Upper Ochlockonee River Report
(Iron Bridge Road to Tower Road)

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Report By:  tom    Date: 2/26/2011 
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We did a trash cleanup from Highway 157 (formerly Iron Bridge Road, from when there was an iron bridge there) down to the boat ramp at the west end of Tower Road

My Report:

We had a half-dozen paddlers for the Ochlockonee River Cleanup and we made an impressive haul for six miles of river. Our biggest haul of garbage came in the first mile after putting into the river, as we filled bag after bag with beer bottles, food wrappers, bait containers, used diapers, Styrofoam and aluminum cans.

Knox and Holly Parker joined us in a tandem canoe, and Red Cherry had his sturdy sit-on-top kayak. Joan Clark, Michelle Pigott and Kathy Newman showed up in kayaks, and I used my Mohawk solo.

About a mile south of the Highway 157 bridge we came up on a beached canoe, apparently washed down the river during a flood. It was stripped of any seats, fittings, thwarts or edging along the top of the fiberglass. But it made an excellent garbage scow, and we packed it as our own boats overflowed with garbage. Red Cherry volunteered to tow this ungainly vessel, which had the habit of breaking loose from his towing.

I was determined to make a good sweep of garbage, but there are some things at which you have to draw the line. We found a plastic bag floating near some downed trees, and started to pull it in. It smelled. I wondered what was in it, perhaps a load of oysters somebody had brought for a cookout and dropped in the river? Then as I pulled it halfway out of the water, I saw the severed head of a wild pig inside the bag. Sort of like a scene from The Godfather. I left it. Yes, I'd like to have down something about that, but I didn't think I could stand having that in the canoe with me for the next several hours. I had already seen enough disassembled animals at the boat ramp, dumped by deer hunters.

(Maybe it wasn't hunters. According to the online satirical newspaper The Onion, America's possums and raccoons are engaged in a fierce turf war, and, maybe the pig got caught in the crossfire.)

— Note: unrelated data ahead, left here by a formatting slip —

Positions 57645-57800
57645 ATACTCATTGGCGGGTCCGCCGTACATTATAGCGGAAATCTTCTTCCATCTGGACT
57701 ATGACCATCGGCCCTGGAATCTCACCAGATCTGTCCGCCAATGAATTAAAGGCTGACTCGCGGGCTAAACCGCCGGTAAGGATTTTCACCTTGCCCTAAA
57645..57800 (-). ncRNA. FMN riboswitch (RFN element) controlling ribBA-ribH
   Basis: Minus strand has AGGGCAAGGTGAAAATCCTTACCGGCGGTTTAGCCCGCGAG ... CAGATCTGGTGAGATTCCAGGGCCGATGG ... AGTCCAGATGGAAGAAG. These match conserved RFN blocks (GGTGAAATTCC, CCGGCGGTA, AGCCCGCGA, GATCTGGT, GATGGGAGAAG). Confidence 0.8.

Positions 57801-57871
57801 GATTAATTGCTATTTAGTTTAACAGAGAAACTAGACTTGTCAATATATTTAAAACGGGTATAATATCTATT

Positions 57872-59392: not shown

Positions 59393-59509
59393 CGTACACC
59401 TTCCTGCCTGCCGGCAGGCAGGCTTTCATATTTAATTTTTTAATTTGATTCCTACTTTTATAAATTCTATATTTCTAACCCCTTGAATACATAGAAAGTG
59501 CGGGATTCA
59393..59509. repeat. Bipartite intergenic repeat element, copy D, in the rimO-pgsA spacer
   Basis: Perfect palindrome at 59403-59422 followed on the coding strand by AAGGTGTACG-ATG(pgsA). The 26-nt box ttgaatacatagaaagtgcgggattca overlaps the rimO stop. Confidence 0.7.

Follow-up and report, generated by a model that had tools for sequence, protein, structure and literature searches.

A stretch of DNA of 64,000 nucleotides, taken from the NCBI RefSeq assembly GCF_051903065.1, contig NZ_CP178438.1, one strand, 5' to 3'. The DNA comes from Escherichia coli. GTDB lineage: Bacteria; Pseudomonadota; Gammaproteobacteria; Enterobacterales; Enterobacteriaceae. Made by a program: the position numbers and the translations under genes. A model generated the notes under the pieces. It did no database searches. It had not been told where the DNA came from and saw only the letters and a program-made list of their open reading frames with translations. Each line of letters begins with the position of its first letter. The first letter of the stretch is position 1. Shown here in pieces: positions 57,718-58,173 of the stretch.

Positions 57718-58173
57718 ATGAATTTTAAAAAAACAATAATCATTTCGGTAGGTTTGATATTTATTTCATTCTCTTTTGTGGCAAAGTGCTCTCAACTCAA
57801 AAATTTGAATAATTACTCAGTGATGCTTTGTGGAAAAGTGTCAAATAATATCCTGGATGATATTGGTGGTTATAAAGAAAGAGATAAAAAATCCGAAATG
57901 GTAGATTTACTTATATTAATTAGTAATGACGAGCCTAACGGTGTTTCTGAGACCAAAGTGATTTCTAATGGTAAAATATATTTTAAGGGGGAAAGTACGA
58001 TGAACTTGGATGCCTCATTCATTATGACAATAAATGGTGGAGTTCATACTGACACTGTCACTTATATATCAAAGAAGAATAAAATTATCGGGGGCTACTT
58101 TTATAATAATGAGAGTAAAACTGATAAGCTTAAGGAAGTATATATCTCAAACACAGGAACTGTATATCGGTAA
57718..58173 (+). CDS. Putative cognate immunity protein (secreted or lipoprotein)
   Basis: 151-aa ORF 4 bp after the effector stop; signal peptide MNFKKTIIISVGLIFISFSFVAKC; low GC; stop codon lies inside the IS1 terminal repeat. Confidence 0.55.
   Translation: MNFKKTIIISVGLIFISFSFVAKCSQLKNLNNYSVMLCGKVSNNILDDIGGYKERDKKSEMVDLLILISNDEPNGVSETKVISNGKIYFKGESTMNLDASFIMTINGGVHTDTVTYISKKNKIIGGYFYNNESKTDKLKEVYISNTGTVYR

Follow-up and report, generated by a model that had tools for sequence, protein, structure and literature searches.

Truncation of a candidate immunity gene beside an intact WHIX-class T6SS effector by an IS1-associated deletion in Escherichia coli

Another item we left behind was an overturned motorboat, upside down on a tangle of logs south of the Highway 157 bridge. It had Georgia registration numbers on it. Maybe it drifted away in a flood, maybe kids stole it for a joy ride, maybe the owner flipped it on to the logs and just left it. I noted the number, and I've since called the Georgia DNR to try to trace it. They said it had been registered to an Atlanta man until the year 2000. I wrote to him at their address of record, but the letter came back. So I can say I tried.

When we got to the Tower Road boat ramp, the garbage container was, alas, gone. We split up loads and disposed of them as best we could. I took home three bags I had filled at the boat ramp and put them in my own trash can. I would say we collected about 11 or 12 large garbage bags worth of stuff. Some items wouldn't fit, such as a huge hardened blob of expandable insulating foam, and the remains of a steel lid for a drum. We also passed around disinfecting wipes to clean our hands.

I'm glad we did it, but sometimes the sheer volume of trash that people dump in rivers or in the woods can be discouraging. But we gave it our best shot!

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Location Data:

Distance (miles): 6
Fees/Costs $: 0

Photos from Iron Bridge Road to Tower Road:    (Click image to view full size)

Scow No Comm

Red takes charge of the derelict canoe hull. We were able to bring plenty of garbage to the take-out on Tower Road.

Take-out No Comm

Joan and Holly unload their boats at the Tower Road boat ramp.

Special Interests and Comments:

Special InterestsTrash cleanups give you the reward of feeling that you did something to help nature, but be careful. Bring disinfectant wipes or lotions, and gloves. You can't put a price on your health!

Post Date: 3/21/2011

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